Better Ways to Brew Coffee

in Brewing Coffee

Many years ago, my brother introduced me to the French Press.  He explained that for many, this was the best way to brew coffee.  At the time, I didn’t have a sophisticated enough taste for coffee for it to make much difference.  I also remember staring at the press pot and thinking about how primitive it looked compared to some of the tricked-out drip brewers that were on the market. 

It would be many years before I would use a French Press again.  I had made plenty of upgrades in my other coffee gear and certainly, the coffee itself that I was buying.  I had finished some reading on making great coffee, and the press pot came up again and again.  I decided to buy one, and alternated between using it and the drip brewer.  As time has gone on, I’ve used the drip brewer predominantly to make a large amount of coffee to be poured into my Thermos, but for smaller amounts, some of the fancier brewing methods.

Read: Buy a Thermos…Make Good Coffee

Last year, two different guests to the website asked me which I thought was the better brewing method between the press pot and the pourover method (the latter also known as the Chemex or Melitta).  Similarly, many people still refer to the press pot as the Bodum, named after the company that made the design popular.  Pourover was new to me, so I actually had to research it.  When I did, it just seemed like a LOT of work compared to the very turnkey way of making coffee by press pot.  With nothing else to go on, I ruled in favor of the press pot.

Read: Melitta vs. French Press…fight!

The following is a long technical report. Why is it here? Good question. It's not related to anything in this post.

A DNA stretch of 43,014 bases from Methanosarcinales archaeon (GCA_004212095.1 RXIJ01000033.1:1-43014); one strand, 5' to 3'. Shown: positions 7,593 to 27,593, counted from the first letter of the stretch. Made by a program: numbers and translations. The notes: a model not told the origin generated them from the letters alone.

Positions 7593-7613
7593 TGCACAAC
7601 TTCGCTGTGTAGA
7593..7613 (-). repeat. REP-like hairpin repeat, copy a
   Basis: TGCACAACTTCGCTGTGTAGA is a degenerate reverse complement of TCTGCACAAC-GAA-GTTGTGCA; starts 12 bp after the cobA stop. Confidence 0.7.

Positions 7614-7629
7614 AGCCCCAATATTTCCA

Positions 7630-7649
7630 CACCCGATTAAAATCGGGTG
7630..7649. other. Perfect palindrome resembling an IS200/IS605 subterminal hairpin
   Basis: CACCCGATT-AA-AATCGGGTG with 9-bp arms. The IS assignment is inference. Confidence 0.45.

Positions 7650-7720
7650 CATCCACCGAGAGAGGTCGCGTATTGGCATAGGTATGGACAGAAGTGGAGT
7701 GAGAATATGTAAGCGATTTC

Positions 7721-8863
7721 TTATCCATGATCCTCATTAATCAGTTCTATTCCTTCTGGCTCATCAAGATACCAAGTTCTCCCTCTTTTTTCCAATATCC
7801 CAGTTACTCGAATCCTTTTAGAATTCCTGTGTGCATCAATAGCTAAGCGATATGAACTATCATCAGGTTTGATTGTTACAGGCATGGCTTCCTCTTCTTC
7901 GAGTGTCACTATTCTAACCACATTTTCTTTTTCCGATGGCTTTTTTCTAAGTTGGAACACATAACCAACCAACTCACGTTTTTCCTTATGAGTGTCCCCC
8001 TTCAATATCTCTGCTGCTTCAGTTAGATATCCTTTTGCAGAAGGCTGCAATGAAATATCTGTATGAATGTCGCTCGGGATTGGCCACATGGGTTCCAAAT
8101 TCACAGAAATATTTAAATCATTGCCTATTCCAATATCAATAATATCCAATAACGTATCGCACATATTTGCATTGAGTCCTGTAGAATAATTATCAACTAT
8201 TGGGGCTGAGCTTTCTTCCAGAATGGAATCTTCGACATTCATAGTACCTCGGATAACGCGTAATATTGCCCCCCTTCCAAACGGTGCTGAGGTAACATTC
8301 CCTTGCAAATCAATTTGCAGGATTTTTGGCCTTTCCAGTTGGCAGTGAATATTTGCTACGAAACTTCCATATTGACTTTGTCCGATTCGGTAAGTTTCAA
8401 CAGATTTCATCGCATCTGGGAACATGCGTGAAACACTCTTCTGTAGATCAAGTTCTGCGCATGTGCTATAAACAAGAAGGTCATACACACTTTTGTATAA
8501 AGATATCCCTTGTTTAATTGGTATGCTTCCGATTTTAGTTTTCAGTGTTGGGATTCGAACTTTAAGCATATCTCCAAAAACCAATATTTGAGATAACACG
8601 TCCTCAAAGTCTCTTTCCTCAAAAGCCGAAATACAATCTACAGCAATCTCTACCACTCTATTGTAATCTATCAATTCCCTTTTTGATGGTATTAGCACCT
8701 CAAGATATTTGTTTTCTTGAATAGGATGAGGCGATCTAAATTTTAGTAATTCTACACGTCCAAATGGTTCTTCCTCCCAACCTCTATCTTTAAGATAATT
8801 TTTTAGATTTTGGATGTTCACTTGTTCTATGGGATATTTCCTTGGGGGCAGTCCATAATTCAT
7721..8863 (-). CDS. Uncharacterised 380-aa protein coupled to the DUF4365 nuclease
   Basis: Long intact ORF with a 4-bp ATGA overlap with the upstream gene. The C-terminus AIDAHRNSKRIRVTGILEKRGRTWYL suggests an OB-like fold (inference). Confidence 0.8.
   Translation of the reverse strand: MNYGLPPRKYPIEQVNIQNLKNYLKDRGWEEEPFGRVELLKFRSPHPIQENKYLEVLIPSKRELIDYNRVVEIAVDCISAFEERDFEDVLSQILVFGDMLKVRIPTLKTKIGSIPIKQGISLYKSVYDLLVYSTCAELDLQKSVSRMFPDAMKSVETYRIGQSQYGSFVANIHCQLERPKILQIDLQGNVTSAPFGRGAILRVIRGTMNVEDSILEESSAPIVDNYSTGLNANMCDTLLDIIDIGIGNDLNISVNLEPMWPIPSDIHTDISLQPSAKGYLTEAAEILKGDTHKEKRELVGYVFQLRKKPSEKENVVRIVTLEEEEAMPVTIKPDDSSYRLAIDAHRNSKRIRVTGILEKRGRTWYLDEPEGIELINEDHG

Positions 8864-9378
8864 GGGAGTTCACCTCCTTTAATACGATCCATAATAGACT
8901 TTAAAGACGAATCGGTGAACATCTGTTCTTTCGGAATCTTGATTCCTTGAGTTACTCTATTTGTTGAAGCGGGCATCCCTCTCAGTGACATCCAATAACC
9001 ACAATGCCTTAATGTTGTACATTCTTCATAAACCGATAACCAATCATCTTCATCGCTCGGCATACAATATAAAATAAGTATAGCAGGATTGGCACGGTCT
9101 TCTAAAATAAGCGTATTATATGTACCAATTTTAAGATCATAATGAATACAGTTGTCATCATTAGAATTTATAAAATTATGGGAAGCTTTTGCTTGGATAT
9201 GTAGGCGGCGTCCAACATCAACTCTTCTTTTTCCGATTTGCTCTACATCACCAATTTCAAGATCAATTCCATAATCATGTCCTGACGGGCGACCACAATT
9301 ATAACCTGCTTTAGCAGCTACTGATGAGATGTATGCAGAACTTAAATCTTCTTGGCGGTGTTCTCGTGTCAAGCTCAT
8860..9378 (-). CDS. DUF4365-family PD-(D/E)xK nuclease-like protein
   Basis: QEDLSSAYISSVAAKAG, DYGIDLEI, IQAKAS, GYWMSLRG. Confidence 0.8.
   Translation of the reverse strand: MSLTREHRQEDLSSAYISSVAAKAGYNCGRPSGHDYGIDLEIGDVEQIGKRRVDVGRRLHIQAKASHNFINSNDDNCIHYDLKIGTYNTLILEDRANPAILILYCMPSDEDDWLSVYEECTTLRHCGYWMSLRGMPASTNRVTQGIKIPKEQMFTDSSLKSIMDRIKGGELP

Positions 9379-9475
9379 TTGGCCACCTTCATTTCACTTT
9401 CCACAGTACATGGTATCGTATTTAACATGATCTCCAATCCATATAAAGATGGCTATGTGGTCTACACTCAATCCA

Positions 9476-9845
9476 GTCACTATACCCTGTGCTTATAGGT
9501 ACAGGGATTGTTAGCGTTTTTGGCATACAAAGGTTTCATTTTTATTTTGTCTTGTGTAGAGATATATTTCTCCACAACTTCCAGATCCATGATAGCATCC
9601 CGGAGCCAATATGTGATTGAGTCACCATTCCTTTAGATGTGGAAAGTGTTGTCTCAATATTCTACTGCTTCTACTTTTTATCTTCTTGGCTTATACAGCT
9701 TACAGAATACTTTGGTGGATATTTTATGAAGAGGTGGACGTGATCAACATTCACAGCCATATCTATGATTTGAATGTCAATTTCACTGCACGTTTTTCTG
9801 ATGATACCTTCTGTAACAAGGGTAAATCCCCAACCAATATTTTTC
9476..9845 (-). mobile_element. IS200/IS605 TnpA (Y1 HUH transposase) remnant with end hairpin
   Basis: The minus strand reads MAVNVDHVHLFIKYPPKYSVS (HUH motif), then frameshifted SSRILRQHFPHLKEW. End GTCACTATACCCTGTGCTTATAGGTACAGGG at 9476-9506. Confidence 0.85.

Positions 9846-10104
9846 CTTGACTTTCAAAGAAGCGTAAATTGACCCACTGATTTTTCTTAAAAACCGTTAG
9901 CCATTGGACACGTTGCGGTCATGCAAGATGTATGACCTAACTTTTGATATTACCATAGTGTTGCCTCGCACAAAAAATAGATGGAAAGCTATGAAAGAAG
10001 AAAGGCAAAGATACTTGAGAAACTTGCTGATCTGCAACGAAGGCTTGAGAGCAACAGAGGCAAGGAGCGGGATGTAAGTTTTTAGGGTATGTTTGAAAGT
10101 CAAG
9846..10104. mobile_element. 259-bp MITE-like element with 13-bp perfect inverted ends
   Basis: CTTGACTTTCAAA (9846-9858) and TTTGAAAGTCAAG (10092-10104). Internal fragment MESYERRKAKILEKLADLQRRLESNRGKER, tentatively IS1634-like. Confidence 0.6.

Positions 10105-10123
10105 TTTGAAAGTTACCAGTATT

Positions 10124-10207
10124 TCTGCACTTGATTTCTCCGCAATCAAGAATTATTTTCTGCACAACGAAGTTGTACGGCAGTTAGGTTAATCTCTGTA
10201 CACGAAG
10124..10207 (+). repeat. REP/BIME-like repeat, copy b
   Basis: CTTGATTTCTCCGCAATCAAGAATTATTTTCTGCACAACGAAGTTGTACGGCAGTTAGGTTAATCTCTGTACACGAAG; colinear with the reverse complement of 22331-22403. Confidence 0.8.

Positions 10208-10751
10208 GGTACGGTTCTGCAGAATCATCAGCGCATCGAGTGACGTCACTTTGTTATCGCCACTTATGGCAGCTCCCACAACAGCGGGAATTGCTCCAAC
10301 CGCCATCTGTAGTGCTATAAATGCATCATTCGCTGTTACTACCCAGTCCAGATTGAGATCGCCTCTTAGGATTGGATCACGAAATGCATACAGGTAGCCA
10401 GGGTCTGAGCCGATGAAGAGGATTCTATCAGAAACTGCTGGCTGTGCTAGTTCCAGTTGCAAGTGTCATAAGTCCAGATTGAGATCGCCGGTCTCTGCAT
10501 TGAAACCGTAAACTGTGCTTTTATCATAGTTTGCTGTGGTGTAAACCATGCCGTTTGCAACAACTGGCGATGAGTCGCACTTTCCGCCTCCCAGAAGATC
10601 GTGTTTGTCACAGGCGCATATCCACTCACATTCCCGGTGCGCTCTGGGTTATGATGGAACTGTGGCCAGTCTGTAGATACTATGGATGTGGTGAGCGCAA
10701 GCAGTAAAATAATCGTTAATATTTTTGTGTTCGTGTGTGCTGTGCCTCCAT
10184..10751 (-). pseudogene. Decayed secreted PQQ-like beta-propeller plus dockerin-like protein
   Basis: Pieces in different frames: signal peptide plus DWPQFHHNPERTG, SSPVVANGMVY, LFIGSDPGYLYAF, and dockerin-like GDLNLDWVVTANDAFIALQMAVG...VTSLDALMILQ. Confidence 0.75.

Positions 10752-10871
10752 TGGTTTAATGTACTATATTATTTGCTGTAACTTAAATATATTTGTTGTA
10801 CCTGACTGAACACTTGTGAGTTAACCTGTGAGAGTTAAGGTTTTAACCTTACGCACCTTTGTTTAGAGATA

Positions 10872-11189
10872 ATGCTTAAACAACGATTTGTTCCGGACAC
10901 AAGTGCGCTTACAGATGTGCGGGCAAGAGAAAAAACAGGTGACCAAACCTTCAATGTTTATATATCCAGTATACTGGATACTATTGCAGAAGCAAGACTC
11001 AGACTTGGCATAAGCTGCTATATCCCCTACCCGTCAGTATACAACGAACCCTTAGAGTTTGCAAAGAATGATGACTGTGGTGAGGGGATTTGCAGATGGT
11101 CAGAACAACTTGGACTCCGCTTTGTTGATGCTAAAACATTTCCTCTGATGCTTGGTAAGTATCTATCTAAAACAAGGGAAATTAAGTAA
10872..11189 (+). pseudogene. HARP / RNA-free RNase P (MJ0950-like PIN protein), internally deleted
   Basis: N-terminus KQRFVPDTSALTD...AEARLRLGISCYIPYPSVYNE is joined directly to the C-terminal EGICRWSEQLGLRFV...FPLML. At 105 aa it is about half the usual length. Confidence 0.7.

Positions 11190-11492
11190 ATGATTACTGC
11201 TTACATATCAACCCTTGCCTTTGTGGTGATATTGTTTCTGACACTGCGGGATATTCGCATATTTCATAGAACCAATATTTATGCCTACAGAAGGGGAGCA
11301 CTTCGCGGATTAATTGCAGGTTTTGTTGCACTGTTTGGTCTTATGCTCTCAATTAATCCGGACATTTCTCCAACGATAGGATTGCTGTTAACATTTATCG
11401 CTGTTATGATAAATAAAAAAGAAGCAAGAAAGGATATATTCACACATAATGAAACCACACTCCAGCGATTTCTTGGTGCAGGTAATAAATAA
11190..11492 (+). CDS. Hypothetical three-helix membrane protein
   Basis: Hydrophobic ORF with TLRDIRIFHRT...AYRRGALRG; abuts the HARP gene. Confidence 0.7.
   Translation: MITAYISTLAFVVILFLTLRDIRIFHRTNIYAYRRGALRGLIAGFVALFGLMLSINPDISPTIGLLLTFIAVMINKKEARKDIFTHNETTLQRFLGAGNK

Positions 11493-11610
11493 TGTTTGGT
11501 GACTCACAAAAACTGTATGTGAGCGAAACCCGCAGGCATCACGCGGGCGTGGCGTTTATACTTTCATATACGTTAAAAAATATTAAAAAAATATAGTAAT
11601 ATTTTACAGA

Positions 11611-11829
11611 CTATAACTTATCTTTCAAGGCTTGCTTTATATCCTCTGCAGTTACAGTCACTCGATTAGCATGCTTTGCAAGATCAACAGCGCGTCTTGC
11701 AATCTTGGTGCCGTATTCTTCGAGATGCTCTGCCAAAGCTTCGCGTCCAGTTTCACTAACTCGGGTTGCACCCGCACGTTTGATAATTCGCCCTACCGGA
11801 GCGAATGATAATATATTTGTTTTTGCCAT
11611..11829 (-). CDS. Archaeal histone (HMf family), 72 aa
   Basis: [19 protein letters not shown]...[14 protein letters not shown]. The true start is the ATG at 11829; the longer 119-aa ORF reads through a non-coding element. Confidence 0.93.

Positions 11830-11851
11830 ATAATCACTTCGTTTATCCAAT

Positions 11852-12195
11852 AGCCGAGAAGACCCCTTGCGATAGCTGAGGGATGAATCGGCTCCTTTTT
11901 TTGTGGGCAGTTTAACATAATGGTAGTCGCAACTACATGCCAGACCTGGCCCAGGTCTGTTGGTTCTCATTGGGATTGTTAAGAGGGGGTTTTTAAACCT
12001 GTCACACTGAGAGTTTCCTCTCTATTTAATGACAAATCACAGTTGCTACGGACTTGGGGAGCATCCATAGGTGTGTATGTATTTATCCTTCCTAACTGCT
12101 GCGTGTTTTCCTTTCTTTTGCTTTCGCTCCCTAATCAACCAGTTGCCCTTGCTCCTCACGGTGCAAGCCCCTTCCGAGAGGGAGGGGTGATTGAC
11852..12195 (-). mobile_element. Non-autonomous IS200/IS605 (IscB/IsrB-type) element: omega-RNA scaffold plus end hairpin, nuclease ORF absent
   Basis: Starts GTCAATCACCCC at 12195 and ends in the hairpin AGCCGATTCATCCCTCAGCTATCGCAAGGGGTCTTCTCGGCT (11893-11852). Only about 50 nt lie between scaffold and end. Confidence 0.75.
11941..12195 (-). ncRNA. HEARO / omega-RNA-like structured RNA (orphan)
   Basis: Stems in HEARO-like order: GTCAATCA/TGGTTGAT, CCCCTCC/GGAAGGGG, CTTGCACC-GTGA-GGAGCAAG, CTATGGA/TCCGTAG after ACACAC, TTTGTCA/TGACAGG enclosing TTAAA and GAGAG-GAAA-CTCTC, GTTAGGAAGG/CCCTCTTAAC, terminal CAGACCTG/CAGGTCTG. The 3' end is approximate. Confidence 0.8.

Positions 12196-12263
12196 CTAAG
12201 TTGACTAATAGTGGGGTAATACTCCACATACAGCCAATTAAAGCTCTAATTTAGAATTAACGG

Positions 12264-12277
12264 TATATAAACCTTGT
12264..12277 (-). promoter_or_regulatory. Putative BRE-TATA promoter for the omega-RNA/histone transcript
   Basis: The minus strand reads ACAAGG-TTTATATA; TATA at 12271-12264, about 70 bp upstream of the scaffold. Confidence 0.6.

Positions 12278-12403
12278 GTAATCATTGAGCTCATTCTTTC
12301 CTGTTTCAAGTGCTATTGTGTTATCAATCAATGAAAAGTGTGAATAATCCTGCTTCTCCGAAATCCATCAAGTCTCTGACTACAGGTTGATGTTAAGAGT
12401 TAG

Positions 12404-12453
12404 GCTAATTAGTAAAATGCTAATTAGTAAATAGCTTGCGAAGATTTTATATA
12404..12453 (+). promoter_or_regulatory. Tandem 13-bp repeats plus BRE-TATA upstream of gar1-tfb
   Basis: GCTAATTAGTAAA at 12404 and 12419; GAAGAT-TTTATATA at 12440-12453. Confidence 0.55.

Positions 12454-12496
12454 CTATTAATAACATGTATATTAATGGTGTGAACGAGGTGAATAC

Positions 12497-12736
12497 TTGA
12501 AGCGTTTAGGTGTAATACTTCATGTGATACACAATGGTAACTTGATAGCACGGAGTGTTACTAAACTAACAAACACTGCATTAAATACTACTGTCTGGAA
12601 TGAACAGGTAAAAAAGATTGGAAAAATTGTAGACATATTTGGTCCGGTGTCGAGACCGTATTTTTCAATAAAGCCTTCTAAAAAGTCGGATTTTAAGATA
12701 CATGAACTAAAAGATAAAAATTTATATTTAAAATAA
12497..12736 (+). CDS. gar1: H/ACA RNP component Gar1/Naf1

Read: Pour-over Brewing Method – the Chemex (greatly expanded description of pourover)

I now have a drip brewer, a press pot, and a pourover coffee maker in my coffee bar.  I will say that both the press pot and pourover make a noticeably better coffee than the drip brewer, but then again, both are intended to be improvements on the design of the drip brewer, itself an improvement on the percolator. 

Here is some loose logic for how and when I decide to use each:

Drip Brewer: For making a lot of coffee at once.  Generally to load into my Thermos for a day of being on the road, or if I am making coffee for a lot of guests.

Press Pot: Takes the longest to cool down, so for when I have time to sit back by myself, and enjoy it (ie. Sunday afternoon, no hurries).

Pourover: For some novelty in preparing it – it is definitely the most interesting to watch being prepared.  I do enjoy talking through the process as I prepare it.  Also, the paper filter removes any sediment from the coffee, which I like to provide for coffee drinking guests in my home who may not know to swish their cup before the last swallow, or care to.

So, the drip brewer remains my method for brewing a volume of coffee.  Between the press pot and pourover, I cannot pick a “winner”.  I like them both.  The pourover leaves no sediment in the cup but the coffee cools off quicker.  The press pot leaves sediment in the cup, but it doesn’t bother me as I’m expecting the sediment.  I love having them all in the coffee bar at my disposal.


  1. I enjoy coffee. We use our drip brewer most regularly and it makes a decent cup of coffee. We do have a press pot and also a Keurig machine. I have been know to heat up left over coffee from the day before in the microwave and that’s not bad. Although some people shudder when they hear this. Coffee, “the tawny goddess and elixir of life!”

    Comment by Kenneth Stock — December 17, 2011 @ 8:19 am

  2. I hear you, Kenneth. I used to use the drip brewer more than any other method, and would fill a thermos in the morning. I’m at home more often now when I make coffee, so I’ve been leaning towards these other two methods lately. Happy holidays!

    Comment by Marc — December 21, 2011 @ 2:39 pm

  3. Kenneth, now add the vacuum pot brewing method to the equation and try that out (extraction brewing)!

    Comment by Michael — December 28, 2011 @ 9:34 am

  4. Hi Michael, are you referring to the siphon brewing method? I had my first cup brewed in that way at Intelligentsia in Chicago, and I have to say it was one of the best and most unique cups of coffee I’ve ever had.

    Comment by Marc Wortman — January 4, 2012 @ 1:29 am

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